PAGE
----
Ky. voices: Bob Moore on the perils of war as a growth industry

The March 18 headline said, "Kentucky is offering tax breaks to defense firms." Specifically, the state will forego property tax on buildings constructed by private defense contractors at Bluegrass Station (formerly Lexington-Bluegrass Army Depot).

The property has evolved from a shuttered army installation into a secure environment for companies that have contracts with the Defense Department to conduct sensitive operations.

I have for some time taken a dim view of tax forgiveness and other lures that decrease revenues for the state, such as tax increment financing. It is difficult for me to understand why corporations like Raytheon or Lockheed-Martin need such tax breaks when they are some of the most profitable in the world from feeding at the public trough in the name of national security. They start out with the taxpayer giving them breaks and end up with the taxpayer paying for their product. Pretty sweet deal if you can get it, and they can.

For this to be an attractive business proposition for Kentucky these companies doing business with the federal government have to be viewed as growth industries, and therein lies the problem.

Just a few short weeks ago, when the famous "sequester" was making its cuts known, there were plaintive cries about the jobs that it would cost. In Newport News shipbuilders, welders and restaurant owners cried about the hit to their pocketbooks. Already hundreds of thousands of jobs that were supported by state and federal governments, such as teachers and social workers, have been cut. My question is this: Who said that jobs building implements of war would last forever? It makes no sense to maintain jobs making materials for war when we are striving for peace. War materials are not required during peacetime despite what the dogs of war tell us.

We were warned of this by a Republican, President Dwight D. Eisenhower, supreme allied commander in Europe during World War II. You may imagine a wartime commander and lifelong army man to be a booster of the military. Unfortunately, his farewell address, after two terms as president, has been much quoted but little heeded. In part, it goes:

"In the councils of government, we must guard against the acquisition of unwarranted influence, whether sought or unsought, by the military-industrial complex. The potential for the disastrous rise of misplaced power exists and will persist.

"We must never let the weight of this combination endanger our liberties or democratic processes. We should take nothing for granted. Only an alert and knowledgeable citizenry can compel the proper meshing of the huge industrial and military machinery of defense with our peaceful methods and goals, so that security and liberty may prosper together."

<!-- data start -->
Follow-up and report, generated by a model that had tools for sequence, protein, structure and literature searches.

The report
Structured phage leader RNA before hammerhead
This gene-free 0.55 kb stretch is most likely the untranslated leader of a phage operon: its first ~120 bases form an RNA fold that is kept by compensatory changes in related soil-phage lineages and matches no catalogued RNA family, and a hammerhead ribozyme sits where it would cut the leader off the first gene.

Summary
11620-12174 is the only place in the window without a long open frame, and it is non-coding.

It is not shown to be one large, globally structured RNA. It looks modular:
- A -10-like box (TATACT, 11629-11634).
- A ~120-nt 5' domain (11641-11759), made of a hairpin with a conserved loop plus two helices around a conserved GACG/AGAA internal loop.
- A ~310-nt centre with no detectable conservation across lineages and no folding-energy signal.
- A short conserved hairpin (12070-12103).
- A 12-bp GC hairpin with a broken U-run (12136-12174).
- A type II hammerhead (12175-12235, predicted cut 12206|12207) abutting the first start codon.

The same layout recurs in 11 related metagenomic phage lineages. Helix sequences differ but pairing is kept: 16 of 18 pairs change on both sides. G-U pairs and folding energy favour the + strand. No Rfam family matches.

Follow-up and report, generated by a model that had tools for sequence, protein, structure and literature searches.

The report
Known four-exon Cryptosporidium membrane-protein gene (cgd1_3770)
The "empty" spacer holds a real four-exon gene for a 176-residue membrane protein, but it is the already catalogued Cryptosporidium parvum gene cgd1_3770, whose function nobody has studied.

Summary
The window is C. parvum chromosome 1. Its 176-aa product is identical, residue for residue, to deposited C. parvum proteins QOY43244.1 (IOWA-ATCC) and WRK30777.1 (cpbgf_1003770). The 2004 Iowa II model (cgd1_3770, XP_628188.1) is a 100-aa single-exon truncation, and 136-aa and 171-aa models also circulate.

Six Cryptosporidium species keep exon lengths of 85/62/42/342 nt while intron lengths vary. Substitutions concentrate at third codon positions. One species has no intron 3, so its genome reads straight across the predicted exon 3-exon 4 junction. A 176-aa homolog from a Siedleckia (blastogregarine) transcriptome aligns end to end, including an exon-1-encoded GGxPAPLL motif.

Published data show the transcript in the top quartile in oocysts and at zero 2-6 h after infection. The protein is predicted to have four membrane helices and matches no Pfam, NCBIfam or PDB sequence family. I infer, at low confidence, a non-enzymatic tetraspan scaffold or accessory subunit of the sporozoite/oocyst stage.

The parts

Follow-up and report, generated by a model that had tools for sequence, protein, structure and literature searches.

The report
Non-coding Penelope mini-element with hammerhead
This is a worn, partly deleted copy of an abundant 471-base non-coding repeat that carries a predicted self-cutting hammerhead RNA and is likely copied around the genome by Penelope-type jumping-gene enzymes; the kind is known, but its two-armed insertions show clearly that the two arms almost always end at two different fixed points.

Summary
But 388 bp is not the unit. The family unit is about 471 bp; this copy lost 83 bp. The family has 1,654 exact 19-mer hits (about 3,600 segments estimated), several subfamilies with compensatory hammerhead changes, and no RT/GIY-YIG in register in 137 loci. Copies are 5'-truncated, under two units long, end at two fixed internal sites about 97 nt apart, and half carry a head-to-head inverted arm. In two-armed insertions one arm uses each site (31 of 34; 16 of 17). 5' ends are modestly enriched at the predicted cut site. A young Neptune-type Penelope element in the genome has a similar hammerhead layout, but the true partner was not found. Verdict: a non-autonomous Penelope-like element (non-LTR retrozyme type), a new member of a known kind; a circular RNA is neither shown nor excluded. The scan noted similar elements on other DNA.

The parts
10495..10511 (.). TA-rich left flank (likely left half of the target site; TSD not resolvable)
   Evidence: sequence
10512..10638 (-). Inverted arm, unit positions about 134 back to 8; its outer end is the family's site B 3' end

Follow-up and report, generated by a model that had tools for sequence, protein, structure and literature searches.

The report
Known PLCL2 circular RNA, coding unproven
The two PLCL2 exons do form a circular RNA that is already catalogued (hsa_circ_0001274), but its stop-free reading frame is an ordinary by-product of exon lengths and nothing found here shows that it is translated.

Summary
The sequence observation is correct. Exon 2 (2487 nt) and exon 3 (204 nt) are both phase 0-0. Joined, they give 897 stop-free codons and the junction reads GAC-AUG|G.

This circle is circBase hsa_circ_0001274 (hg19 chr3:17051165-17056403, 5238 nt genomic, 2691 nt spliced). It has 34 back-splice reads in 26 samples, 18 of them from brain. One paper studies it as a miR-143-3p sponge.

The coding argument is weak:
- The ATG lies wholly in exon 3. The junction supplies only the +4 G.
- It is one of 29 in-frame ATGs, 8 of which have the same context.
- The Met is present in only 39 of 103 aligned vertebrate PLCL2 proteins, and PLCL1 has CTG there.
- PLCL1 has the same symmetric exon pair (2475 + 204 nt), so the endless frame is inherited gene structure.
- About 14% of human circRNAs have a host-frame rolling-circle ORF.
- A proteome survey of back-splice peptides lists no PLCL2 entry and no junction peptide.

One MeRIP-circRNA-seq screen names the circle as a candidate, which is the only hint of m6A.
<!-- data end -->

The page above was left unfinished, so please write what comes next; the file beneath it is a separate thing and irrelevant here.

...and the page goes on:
We have allowed this demon to creep up on us through our fear of an imagined lack of security. We have been attacked but we have not been brought down, although the fear of such, coupled with the avarice of the armaments industry, has created in us a desire for absolute security at the cost of many of our liberties. Astonishingly, I find myself largely in agreement with Sen. Rand Paul on this subject.

The aforementioned complex now creates so many jobs building attack submarines, Apache helicopters, F-22 Raptors, drones and smart bombs that we just can't afford to stop making these implements of destruction. Unless we want to be renting out storage units we must use them, creating in the process the world's largest government stimulus program. Call me a peacenik nut, but I challenge you to find the flaw in the reasoning.

So, here is another quote from that great leftist (not) Eisenhower:

"Every gun that is made, every warship launched, every rocket fired, signifies in the final sense a theft from those who hunger and are not fed, those who are cold and are not clothed."

I haven't always been a great Eisenhower fan, but compared to today's rhetoric he was a towering fount of wisdom.Why should the military-industrial complex be a growth industry? Why should we continue to make weapons just because of the jobs? And why should Kentucky pin its hopes on the United States remaining on a permanent war footing? I am not so pie-in-the sky as to think we can instantly change this dynamic but I do believe we can start. Right now.

Bob Moore is a mechanical contractor and columnist for the Somerset Commonwealth-Journal, a former community columnist for the Lexington Herald-Leader and author of the blog "My Take — a daily dose of opinion."